Gimbal, J., Gallagher, J., and Reffner, J., "Evaluation of Liquid Applied Dampers: Impact of Polymer-Inorganic Interface on Performance," SAE Technical Paper 2017-01-1877, 2017.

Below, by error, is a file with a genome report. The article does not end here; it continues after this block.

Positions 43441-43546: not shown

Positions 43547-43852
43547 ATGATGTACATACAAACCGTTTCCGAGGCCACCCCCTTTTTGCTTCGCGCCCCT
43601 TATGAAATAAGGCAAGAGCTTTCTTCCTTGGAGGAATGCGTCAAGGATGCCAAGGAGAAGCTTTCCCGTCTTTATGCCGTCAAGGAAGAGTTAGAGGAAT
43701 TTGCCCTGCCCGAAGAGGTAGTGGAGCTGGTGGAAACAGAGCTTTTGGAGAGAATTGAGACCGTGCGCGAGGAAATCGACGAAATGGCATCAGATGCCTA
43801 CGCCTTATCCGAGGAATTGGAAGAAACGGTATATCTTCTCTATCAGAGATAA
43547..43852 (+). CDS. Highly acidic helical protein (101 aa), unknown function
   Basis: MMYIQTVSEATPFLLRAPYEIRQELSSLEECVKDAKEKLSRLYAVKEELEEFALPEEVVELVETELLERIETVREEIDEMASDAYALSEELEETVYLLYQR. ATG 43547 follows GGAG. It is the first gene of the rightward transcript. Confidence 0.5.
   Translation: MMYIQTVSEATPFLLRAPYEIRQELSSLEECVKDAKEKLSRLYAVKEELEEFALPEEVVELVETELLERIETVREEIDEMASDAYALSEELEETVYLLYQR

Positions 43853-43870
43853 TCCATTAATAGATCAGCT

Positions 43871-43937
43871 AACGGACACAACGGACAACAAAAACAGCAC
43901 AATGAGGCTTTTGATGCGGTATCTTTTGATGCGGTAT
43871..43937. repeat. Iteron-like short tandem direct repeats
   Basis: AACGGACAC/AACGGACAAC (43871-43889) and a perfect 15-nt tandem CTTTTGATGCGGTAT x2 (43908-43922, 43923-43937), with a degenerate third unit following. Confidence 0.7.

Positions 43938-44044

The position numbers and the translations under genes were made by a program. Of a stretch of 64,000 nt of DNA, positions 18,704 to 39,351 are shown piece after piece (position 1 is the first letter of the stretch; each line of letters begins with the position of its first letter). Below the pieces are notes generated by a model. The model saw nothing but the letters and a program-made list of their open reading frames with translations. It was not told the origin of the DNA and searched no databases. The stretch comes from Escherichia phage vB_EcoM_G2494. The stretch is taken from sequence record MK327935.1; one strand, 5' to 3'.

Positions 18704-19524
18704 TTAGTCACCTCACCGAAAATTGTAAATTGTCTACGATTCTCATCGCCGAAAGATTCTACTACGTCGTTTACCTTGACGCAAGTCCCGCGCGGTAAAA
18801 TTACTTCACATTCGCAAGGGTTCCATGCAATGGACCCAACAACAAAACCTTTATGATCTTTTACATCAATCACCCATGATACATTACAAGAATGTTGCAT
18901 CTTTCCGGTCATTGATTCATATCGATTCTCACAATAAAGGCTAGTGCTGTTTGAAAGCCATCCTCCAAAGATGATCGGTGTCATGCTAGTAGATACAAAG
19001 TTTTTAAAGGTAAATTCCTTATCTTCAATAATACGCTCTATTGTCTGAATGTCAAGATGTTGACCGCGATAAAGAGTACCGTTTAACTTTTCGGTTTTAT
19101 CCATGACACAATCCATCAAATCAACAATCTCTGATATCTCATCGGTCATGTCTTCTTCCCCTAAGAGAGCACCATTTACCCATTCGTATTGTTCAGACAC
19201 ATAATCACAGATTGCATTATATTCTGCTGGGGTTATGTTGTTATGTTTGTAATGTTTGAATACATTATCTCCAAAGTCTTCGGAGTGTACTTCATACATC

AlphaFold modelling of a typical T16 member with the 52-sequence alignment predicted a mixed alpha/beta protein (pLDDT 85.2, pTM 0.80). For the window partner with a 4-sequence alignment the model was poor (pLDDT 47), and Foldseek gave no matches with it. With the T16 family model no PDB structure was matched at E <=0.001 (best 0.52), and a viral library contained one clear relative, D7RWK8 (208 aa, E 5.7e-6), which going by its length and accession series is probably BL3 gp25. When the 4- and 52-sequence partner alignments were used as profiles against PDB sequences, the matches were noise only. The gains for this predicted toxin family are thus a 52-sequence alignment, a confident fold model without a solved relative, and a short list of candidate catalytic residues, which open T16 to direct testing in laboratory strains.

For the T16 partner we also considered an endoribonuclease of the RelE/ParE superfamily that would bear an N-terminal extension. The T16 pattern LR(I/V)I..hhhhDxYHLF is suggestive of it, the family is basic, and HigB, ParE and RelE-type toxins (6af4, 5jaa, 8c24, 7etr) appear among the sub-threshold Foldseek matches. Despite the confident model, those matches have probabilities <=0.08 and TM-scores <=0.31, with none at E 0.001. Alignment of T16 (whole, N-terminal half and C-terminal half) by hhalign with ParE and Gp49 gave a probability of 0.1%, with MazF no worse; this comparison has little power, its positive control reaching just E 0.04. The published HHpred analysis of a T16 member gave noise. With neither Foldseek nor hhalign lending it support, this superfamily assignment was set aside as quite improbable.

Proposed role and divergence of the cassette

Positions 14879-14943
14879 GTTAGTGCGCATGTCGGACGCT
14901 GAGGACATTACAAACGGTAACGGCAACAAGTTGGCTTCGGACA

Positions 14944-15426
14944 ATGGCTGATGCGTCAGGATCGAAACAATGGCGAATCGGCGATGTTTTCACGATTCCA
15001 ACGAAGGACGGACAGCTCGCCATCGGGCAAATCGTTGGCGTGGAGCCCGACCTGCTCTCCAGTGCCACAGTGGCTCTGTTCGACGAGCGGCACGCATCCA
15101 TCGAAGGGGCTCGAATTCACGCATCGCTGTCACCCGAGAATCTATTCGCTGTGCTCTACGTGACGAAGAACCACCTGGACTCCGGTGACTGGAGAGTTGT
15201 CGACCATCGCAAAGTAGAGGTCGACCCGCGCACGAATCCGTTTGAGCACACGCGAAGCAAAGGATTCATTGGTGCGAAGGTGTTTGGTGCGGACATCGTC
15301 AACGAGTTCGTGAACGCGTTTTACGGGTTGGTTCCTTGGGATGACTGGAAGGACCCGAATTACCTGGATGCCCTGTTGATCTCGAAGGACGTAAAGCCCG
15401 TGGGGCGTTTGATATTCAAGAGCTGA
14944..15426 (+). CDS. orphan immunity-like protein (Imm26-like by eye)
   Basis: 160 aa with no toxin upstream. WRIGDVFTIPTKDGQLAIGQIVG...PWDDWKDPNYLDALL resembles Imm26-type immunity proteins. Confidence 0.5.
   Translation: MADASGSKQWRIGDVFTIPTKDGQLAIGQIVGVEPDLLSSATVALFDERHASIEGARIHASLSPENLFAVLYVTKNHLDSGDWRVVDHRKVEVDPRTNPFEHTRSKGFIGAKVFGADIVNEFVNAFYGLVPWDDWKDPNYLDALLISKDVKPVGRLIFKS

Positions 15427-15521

Damping materials are applied to the vehicle body during production to provide passenger comfort by reducing noise and structural vibration through energy dissipation. Noise, Vibration, and Harshness (NVH) Engineers identify critical areas of the vehicle body for material placement. Damping materials, which include liquid applied dampers, are typically applied directly on the structure, covering large areas. These film forming materials can be spray applied using automation and, after baking, result in a cured viscoelastic damping layer on the target substrate. Typical liquid applied dampers contain an aqueous dispersion of film forming polymer which functions to bind inorganic materials together in the coating and provide a composite structure that dissipates energy. Representative damping coatings were prepared from dispersions of polymers with varying viscoelastic properties and chemical compositions. These coatings were analyzed to determine performance properties and internal coating structure. Vibrational damping of the materials was measured using Oberst bar testing. Dynamic Mechanical Analysis (DMA) was used to measure the intrinsic properties of the polymers and coatings, including the storage moduli, loss moduli, and tan delta. Scanning Electron Microscopy of the colloidal dispersions, liquid dampers, and final baked coatings was used to study structure-property relationships at sub-micron scales. The results indicate that composition of the polymer dispersion strongly impacts the interaction of the polymer with the inorganic materials, the structure of the final coating, and the overall performance of the liquid applied damper.